People who definitely cannot participate are individuals who were already infected with COVID-19 or who are pregnant.
Of those who are enrolled in the study, half of them will receive the actual vaccine while the other half will receive a placebo. However, the studies will be double-blind meaning neither the participants nor the researchers will know who gets which.
Each participant will get two doses, the first will be on day 1 of the study and the second will be on day 29.
The goal of the vaccine among the study participants is to develop neutralizing antibodies, Solis said, clarifying that participants will not be injected with a live vaccine which uses a weakened form of the germ that causes the disease.
“So you’re going to have your own internal defense that recognizes COVID,” he said, “so if you come in contact with COVID, your defense might not let COVID come in.”
But if COVID-19 does enter the body, the researcher will measure how long it lasted and how it affected the participant.
They will also want to know how long did someone have immunity — whether the vaccine will wear off in a year or within a matter of months.
Getting to that answer will be a collaborative effort.
About five physicians around the Rio Grande Valley — from Mission, Edinburg and Weslaco — will be cooperating to provide clinical oversight and Centex will also be working with Lee’s Pharmacy.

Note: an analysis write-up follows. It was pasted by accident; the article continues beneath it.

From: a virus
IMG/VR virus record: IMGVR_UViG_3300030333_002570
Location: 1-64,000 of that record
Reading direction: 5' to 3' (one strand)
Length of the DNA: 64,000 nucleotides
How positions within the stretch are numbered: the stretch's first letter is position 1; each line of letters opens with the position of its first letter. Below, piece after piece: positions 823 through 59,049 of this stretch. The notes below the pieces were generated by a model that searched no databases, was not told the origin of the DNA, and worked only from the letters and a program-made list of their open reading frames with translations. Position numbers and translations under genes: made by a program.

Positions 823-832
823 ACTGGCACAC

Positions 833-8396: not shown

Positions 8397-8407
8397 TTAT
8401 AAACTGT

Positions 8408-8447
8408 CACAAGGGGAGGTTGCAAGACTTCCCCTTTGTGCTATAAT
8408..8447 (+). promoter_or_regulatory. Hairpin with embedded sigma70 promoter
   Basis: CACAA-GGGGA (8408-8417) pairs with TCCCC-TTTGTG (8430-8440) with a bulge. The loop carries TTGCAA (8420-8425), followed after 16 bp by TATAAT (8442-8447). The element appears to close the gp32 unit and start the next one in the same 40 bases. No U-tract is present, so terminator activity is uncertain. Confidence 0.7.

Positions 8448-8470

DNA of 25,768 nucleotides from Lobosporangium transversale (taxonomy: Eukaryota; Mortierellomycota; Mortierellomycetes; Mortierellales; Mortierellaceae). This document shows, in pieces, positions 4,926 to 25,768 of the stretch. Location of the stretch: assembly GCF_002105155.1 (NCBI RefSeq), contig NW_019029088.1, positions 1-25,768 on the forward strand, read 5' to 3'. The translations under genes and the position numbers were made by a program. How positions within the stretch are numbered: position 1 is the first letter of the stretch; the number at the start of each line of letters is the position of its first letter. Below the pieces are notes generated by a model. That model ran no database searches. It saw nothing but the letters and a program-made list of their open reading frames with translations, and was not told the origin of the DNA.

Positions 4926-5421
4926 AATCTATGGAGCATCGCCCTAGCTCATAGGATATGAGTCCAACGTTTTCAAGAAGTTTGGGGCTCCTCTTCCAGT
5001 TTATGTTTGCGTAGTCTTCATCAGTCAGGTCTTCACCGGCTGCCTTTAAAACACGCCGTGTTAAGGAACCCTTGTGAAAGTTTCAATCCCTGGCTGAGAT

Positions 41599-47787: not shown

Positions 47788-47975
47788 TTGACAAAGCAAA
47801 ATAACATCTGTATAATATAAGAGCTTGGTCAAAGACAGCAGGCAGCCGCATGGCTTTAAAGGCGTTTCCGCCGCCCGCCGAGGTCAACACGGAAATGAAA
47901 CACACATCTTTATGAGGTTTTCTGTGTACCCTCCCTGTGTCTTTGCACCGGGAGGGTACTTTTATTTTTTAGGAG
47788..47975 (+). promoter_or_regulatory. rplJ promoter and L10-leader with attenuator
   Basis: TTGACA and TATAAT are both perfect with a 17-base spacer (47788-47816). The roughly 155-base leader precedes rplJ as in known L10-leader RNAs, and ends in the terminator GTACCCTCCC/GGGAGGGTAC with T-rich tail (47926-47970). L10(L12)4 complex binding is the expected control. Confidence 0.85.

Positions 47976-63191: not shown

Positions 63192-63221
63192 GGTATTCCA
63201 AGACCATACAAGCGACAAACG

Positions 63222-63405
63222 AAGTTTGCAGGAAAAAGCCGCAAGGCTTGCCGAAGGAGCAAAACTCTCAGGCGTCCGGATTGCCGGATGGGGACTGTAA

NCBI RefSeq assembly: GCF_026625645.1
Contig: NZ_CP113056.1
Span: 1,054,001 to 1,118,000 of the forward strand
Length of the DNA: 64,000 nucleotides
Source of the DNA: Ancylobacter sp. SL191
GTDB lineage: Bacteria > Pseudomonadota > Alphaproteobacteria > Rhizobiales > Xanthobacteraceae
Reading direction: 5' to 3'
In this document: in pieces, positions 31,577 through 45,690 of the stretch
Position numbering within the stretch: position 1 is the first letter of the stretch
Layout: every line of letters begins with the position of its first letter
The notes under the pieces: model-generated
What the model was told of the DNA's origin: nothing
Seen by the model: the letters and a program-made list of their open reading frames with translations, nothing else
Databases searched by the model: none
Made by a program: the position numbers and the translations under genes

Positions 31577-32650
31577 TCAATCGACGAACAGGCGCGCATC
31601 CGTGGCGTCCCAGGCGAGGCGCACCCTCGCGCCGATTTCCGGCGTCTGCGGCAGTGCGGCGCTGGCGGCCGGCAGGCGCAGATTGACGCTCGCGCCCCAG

“I’m here to conduct this research with the collaborative community, clinical community effort, so that we can give all this data to those companies and they can analyze,” Solis said. “But it takes people getting involved. That’s the altruistic behavior I’ve seen.”
He’s even seen it among his own patients who’ve expressed interest in helping out.
“It’s almost like that altruistic behavior is coming to the forefront, knowing that they can contribute to give us some normalcy again in the future,” he said. “We can’t get there if we don’t have volunteers.”
If the data is positive enough, he said, the vaccine may be ready to launch as early as December or as late as February or March.
During the meeting with Dr. Fauci and Dr. Collins, Cuellar questioned the availability of the vaccine to minority communities once it is publicly available.
“Ultimately, we will have a lot of vaccines because we’re doing a number of guaranteed purchase agreements with companies,” Fauci said, “as well as getting assurances from the companies — assurances because the federal government is bankrolling a lot of it — is to make a number of doses even before we know that the vaccine works so that if at the end of the year, the beginning of 2021, we have a safe and effective vaccine.”
Fauci said they will have tens of millions of doses early on and hundreds of millions of doses by the end of 2021.
“They’re not going to arrive on the very first day so we’re going to try to get a prioritization that reflects the need of those who can benefit most,” Fauci said.
Through the Families First Coronavirus Response Act, any future COVID-19 vaccine must be made available to all U.S. consumers at no direct cost.
But there’s still months to go before the general public has to cross that bridge. Until then, researchers at clinics such as Centex Studies must continue carefully recruiting and vetting participants.
“It’s a process and it has to be done correctly,” Solis said, “so that’s up to us, as a team, to make sure my colleagues, our staff, we collect the patients accordingly.”